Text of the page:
Last year I took the plunge and booked a flight and went to BEA. I was nervous, not sure what to expect, and feeling sort of like an impostor in someone else's club. But I went ahead and did it and I haven't regretted that decision for a moment. That trip was worth its weight in gold. If you love books and, more importantly, you love talking about the books you love with other book lovers, and you are dedicated to spreading the word on good books, then Book Expo America is the place for you. Yes, there are tons of ARCs being handed out for free. And, yes, there are scads of wonderful authors signing those ARCs. But, as mind-blowingly lovely as those two things are, they're not the main reason to go. The main reason is those connections you make when you're standing on line and you strike up a conversation with the people next to you and you exchange recommendations and contact information and you know that, even though you're total strangers and you may live in states thousands of miles apart, you're on the same level. You speak the same language. And that language is books.
This year there's the added draw of the Book Blogger Convention being held the day after BEA ends (May 28th) right there in the Javits Center.
The convention organizers have put together a stellar agenda filled with blogger-led panels on topics ranging from writing and building content to professionalism and ethics in blogging to the relationship between blogger and author. Publishing industry professionals and authors will be attending as well. As for me, I've already registered and am so excited to meet so many of my blog friends there and take part in such a timely and important discussion.
Thinking back on my experience I put together a few of the most important things to keep in mind when attending your first BEA. All the other fabulous blog tour participants have gone over these things as well, but in case you haven't read one yet or are looking for a reminder:
1. Go to the Javits Center the day before, if possible, to pick up your badge and get the lay of the land
This was a huge benefit to me. I went in the day before the crush hit and was able to quietly pick up my badge and admire it without looking like too much of an idiot. I also wandered the floors just a bit to get an idea of where I wanted to be and when.
2. Make a schedule
Come April, the BEA website will update with the vast and complicated schedule of which authors will be signing and the number of the line they'll be in. Some will be signing in-booth, some in the bank of lines downstairs. If you do nothing else before arriving, make sure you print out this schedule and highlight the ones you absolutely don't want to miss. Then put together your own list or spreadsheet to help map and plan out your time. In some cases authors will be ticketed and there will be detailed information on where and how to get tickets.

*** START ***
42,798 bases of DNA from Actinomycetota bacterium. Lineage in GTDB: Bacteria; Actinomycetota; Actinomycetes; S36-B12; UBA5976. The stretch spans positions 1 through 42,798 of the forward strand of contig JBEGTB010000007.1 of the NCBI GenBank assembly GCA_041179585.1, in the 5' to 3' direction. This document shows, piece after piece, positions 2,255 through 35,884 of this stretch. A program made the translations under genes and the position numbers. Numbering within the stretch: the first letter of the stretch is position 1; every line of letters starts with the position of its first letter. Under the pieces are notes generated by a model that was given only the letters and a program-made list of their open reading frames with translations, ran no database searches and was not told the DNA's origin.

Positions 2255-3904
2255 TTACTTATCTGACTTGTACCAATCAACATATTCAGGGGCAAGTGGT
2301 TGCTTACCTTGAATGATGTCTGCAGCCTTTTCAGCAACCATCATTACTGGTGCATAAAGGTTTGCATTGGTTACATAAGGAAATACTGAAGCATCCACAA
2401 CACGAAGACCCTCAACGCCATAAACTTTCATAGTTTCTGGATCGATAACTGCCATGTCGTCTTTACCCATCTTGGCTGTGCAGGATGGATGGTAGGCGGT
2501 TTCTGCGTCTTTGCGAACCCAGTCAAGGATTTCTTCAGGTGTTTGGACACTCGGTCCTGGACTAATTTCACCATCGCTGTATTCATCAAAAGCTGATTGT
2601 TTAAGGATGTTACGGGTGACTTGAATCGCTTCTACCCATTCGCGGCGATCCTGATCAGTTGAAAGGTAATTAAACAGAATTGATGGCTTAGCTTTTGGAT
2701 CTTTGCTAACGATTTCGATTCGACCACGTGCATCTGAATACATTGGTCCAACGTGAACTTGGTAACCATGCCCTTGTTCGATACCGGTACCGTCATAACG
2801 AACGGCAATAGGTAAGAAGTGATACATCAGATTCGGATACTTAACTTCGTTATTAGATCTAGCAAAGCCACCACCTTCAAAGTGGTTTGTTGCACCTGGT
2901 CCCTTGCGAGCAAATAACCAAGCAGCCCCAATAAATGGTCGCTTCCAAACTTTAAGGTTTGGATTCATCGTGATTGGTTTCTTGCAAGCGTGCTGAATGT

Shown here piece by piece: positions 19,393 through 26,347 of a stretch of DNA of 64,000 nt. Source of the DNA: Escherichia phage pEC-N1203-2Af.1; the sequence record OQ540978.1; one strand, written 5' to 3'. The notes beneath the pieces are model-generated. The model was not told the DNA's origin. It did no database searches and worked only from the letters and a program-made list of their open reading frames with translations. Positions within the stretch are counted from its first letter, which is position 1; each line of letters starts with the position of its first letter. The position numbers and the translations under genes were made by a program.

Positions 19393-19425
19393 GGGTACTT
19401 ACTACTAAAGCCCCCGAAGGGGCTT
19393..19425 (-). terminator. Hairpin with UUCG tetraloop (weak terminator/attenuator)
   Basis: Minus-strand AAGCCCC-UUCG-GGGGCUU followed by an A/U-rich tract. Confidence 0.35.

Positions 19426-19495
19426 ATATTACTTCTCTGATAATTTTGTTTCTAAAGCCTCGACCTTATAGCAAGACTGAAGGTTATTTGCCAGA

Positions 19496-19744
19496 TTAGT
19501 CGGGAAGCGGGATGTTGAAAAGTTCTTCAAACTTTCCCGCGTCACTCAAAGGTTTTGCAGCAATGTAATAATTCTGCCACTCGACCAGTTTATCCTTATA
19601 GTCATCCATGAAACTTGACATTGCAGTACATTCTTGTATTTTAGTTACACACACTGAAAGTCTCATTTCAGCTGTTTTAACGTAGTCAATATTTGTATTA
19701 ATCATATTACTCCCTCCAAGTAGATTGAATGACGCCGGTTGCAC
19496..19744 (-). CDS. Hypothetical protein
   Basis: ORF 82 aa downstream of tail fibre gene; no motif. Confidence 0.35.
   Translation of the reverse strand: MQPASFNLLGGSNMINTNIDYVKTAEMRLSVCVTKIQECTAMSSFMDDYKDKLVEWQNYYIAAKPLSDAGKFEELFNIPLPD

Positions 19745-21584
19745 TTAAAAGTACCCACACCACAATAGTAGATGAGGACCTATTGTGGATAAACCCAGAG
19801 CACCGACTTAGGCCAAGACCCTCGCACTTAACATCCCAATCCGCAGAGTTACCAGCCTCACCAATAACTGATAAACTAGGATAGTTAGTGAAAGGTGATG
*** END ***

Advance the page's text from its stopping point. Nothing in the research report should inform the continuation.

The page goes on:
3. Be prepared to make the impossible choice between two excellent authors/events/panels
You won't be able to get to them all. You might think you're going to attend a panel on YA Buzz Books and then, at the last minute, end up haring off to another floor to meet Neil Gaiman and have him accidentally (but so awesomely) sign your hand. Be prepared to make that call in a split second if needs be.
4. Save up your appetite for dinner
Take a granola bar or a banana, some gum, and a bottle of water or caffeinated beverage (particularly if you got up at the crack of dawn to get one of a limited number of ARCs of the latest Hunger Games book) to last you the day. If you're like me, you won't want to take the time to leave the center to get lunch. There is food available in house but it's fairly expensive and, compared with what wonderful food is available in NYC, not worth it. Save up for the evening and then go out with some friends for some real food. Make sure you make some time to get out and explore the city as well. I highly recommend a stop at the classic children's bookstore Books of Wonder.
5. Relax and enjoy the awesome.
Don't be afraid to approach other attendees and introduce yourself or, when appropriate, tell them you love them. Lol. There is still nothing like the feeling I had when the first person came up to me out of nowhere to tell me they loved my blog. Seriously, that's as close to rock star as I'll ever get. And the wonderful thing is I got the chance many times over to do the very same thing. When you meet an author who's been sitting there signing books for an hour or more, have your question or comment ready. Don't take up too much of their time, but be sure to let them know how you feel about their work and how grateful you are to have the opportunity to meet them and read their new book. When you're sitting in line, strike up a conversation with the people next to you. I'm still in touch with those librarians and booksellers I met those three days last year and I absolutely treasure those connections.